In my Scientific American column this month I noted that it’s typically older people who seem to disapprove of the younger ones' immersion in electronics. Of course that's a typical generational reaction; it used to be the radio that would rot young people’s brains…then TV…and now phones and tablets.

But what does science say about the effect of touch-screen devices on children?

Not much; the touch-screen era is still very young. But a handful of studies investigating intensive device use have emerged, including the ones summarized here. Most seem to suggest that moderation in screen time is a good idea, although some point out benefits. Here are more details about what they found—and how:

Study: Cognitive control in media multitaskers
Published: April 2009
Subjects: 262 college students
Conclusion: “These results suggest that heavy media multitaskers are distracted by the multiple streams of media they are consuming or, alternatively, that those who infrequently multitask are more effective at volitionally allocating their attention in the face of distractions.”

Study: Adolescents' use of instant messaging as a means of emotional relief
Published: January 2013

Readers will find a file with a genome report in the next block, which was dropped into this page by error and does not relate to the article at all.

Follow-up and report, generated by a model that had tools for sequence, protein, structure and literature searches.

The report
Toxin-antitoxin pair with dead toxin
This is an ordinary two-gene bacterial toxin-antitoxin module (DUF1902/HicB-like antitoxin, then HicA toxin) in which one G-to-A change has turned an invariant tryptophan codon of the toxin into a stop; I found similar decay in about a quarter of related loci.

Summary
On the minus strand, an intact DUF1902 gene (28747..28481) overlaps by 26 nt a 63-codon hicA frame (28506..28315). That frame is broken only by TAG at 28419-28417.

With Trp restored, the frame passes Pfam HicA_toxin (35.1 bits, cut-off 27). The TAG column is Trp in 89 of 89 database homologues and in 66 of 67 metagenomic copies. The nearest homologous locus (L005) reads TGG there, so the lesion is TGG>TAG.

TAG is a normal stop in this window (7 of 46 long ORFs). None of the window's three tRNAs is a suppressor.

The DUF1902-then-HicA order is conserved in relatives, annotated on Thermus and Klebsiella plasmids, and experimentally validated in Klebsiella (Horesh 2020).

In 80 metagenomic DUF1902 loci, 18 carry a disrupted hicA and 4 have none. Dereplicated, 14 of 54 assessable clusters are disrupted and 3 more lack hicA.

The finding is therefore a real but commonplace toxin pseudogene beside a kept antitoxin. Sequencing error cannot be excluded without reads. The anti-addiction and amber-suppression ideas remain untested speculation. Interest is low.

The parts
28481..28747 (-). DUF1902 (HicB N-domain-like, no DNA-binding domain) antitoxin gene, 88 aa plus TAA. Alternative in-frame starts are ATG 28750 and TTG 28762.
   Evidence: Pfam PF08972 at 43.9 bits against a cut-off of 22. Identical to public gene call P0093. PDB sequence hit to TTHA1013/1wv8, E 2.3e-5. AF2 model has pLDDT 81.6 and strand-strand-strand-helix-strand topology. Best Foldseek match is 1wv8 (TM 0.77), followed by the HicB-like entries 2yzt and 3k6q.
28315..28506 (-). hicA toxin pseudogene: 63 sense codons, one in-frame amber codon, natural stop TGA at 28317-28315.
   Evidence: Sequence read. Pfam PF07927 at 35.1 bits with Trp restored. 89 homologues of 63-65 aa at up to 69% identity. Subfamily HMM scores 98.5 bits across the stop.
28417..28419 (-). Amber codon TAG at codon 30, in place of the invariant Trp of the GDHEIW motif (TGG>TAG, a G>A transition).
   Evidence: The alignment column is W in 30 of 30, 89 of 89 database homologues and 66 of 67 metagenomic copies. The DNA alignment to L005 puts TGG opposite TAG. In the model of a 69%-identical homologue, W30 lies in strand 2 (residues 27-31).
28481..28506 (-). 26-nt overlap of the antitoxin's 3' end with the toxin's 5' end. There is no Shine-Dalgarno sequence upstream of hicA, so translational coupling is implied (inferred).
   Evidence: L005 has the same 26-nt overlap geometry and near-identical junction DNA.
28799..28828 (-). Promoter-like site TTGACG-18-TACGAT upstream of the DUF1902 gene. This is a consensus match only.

Subjects: 150 adolescents
Conclusion: “Findings revealed that IM [instant messaging] conversation significantly contributed to the well-being of distressed adolescents. In addition…introverted participants profited from IMing more than did extraverts.”

Study: Do television and electronic games predict children's psychosocial adjustment?
Published: March 2013
Subjects: 11,014 British five- and seven-year-olds
Conclusion: “TV but not electronic games predicted a small increase in conduct problems. Screen time did not predict other aspects of psychosocial adjustment.”

Study (pdf): Parents' perspectives: Children's use of technology in the early years
Published: March 2014
Subjects: 1,028 parents
Conclusion: “Of children who have a touch screen at home, children of lower socioeconomic status are twice more likely to look at stories daily than their more advantaged peers… All children are more likely to enjoy reading more if they use both books and a touch screen to look at stories, compared to books only.”

Study: Five days at outdoor education camp without screens improves preteen skills with nonverbal emotion cues
Published: October 2014
Subjects: 105 preteens
Conclusion: “Our study suggests that skills in reading human emotion may be diminished when children's face-to-face interaction is displaced by technologically mediated communication.”

Study: Sleep Duration, Restfulness and Screens in the Sleep Environment
Published: January 2015
Subjects: 2,048 fourth- and seventh-graders
Conclusion: “Sleeping near a small screen, sleeping with a TV in the room and more screen time were associated with shorter sleep durations. Presence of a small screen, but not a TV, in the sleep environment and screen time were associated with perceived insufficient rest or sleep. These findings caution against unrestricted screen access in children's bedrooms.”